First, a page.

In Case You Missed It

In a post at the Intersect Project, Scott Hildreth discussed three ways Christians can flourish in culture.

In a recent post, I explained how culture is a pathway for the gospel. With that in mind, how can Christians flourish in contemporary culture? Here are a few suggestions.

 

This week Aaron Earls posted at his personal blog, The Wardrobe Door about how we need more “Thoughts and Prayers,” not less.

“Thoughts and prayers” have become an all-too-familiar restrain in American life. A somber, liturgical response to yet another horrific mass killing.

 

For those of deep faith and even sometimes those of little or no faith, those words are all we can muster after the initial shock. We share the words when no others will come. Hopefully, they come in the midst of actually empathetically thinking about the victims and emphatically praying for them. For many, however, those words are not welcome. They ring hollow for some who are desperate for specific, practical steps. Others regard them as ineffective, at best, self-deluding and hindering actual good, at worst.

 

So what should we make of the “thoughts and prayers” of millions offered up in the aftermath of a tragedy? Without a doubt, they are good. Even if you believe prayer is nothing more than talking to empty air, there are benefits to the prayers of others.

 

Brittany Salmon recently posted at the Intersect Project discussing how adoption and the pro-life cause is more than a political stance.

Our family stands out.

 

We can’t go to a grocery store without someone stopping and asking us questions about each of our children. For starters, we have identical twin daughters with bright blonde hair and piercing blue eyes. Like typical four year olds, they are feisty and sweet with a touch of sass. The amount of commentary we receive on them alone is enough to write a whole other blogpost, but to add to the excitement we also have a son who doesn’t look anything like us at all.

 

You see, our son joined our family through the blessing of adoption. He is a beautiful, strong black boy. He is smart and kind and loves to laugh loudly at his sisters. Put that combo together in a grocery store and we’re magnets for conversation starters. Some people stare. Some people are kind. But our diverse family draws attention in a homogenous world in which we tend to surround ourselves with people who think, look and act like us.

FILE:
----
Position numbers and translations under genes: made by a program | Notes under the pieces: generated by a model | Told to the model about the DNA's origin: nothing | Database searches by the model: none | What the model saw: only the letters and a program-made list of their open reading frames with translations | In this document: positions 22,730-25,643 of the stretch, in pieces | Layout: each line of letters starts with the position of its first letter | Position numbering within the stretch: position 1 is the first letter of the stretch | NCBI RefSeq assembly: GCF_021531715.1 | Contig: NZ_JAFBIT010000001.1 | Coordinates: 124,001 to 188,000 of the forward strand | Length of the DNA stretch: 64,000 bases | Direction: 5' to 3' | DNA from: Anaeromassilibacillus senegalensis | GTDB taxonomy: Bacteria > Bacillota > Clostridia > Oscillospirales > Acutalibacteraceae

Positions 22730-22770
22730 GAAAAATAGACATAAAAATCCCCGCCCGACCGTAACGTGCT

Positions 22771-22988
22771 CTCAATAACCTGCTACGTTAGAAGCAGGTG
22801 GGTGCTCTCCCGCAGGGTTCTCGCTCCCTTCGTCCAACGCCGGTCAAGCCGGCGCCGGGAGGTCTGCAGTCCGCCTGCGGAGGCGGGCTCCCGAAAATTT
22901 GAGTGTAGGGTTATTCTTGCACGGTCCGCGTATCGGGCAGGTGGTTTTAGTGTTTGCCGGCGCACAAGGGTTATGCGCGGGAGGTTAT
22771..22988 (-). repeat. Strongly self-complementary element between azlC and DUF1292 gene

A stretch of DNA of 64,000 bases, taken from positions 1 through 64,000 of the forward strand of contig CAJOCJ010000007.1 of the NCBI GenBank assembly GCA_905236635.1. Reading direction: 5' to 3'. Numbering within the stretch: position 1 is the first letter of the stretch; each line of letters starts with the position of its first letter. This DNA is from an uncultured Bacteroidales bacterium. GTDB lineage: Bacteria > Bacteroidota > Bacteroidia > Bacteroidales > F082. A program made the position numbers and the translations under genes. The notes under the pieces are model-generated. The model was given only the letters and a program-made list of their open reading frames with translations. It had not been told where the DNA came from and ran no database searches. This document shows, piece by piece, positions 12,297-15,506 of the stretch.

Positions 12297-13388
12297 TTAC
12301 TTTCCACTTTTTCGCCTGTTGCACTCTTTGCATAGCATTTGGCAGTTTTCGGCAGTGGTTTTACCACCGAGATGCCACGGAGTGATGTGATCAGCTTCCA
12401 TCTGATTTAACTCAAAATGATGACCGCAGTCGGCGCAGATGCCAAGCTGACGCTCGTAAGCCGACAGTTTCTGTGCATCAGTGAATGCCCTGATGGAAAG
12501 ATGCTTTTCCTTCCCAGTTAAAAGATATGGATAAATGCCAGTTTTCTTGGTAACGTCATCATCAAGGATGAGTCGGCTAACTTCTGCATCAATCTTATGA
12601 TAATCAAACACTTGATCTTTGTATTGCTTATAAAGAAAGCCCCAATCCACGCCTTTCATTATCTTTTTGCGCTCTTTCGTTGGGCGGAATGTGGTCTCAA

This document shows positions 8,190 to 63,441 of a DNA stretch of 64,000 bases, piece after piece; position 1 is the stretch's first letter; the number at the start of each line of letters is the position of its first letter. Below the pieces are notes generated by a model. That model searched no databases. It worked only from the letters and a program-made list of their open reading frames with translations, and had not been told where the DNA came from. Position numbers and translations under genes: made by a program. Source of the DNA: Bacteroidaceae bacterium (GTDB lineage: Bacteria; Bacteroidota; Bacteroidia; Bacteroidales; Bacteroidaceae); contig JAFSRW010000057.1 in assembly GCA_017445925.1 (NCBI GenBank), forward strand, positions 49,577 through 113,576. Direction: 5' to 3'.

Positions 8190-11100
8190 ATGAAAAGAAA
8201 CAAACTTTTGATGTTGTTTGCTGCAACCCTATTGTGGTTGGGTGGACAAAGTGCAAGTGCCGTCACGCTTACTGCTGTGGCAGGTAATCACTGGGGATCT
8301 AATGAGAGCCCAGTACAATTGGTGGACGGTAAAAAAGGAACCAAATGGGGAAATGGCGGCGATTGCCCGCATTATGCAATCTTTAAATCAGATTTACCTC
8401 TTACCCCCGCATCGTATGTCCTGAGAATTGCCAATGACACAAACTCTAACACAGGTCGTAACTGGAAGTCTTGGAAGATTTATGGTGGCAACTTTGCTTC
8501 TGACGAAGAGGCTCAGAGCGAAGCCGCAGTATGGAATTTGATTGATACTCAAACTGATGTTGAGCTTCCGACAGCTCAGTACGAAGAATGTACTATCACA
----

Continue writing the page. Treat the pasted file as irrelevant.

One day while standing in the checkout line, a well-intended fellow believer approached our family and commended us on the pro-life stance we took by adopting. I smiled and said, “Yes, we are pro-life, but our son’s birth mom is the true hero; she’s the one who should be commended for her pro-life choice. We really are the lucky beneficiaries of her brave love.”

 

In a recent article at his personal website, Bruce Ashford discussed how Socialism suppresses society.

Several recent polls reveal a troubling trend: younger Americans have positive views of socialism and Communism.

 

Although this trend has been evident for years, a recent poll found that nearly half of Millennials say prefer Socialism or Communism over democratic capitalism, with upwards of twenty percent going so far as to consider Josef Stalin was a “hero.” In another poll, found 53 percent of 18- to 29-year-old respondents viewed socialism favorably, compared to only a quarter of Americans over 55. Yet another survey found that 43 percent of respondents younger than 30 have a positive view of socialism.

 

At his personal blog this week, Chuck Lawless shared ten times when it is wise to turn a deaf ear in ministry.

Charles Spurgeon, in his Lectures to My Students, wrote about the importance of church leaders having one deaf ear in ministry. The one open ear helps you to be wise in ministry, but the deaf ear helps you to avoid being unnecessarily burdened and frustrated. Based on Spurgeon’s writing, here are times to turn a wise deaf ear.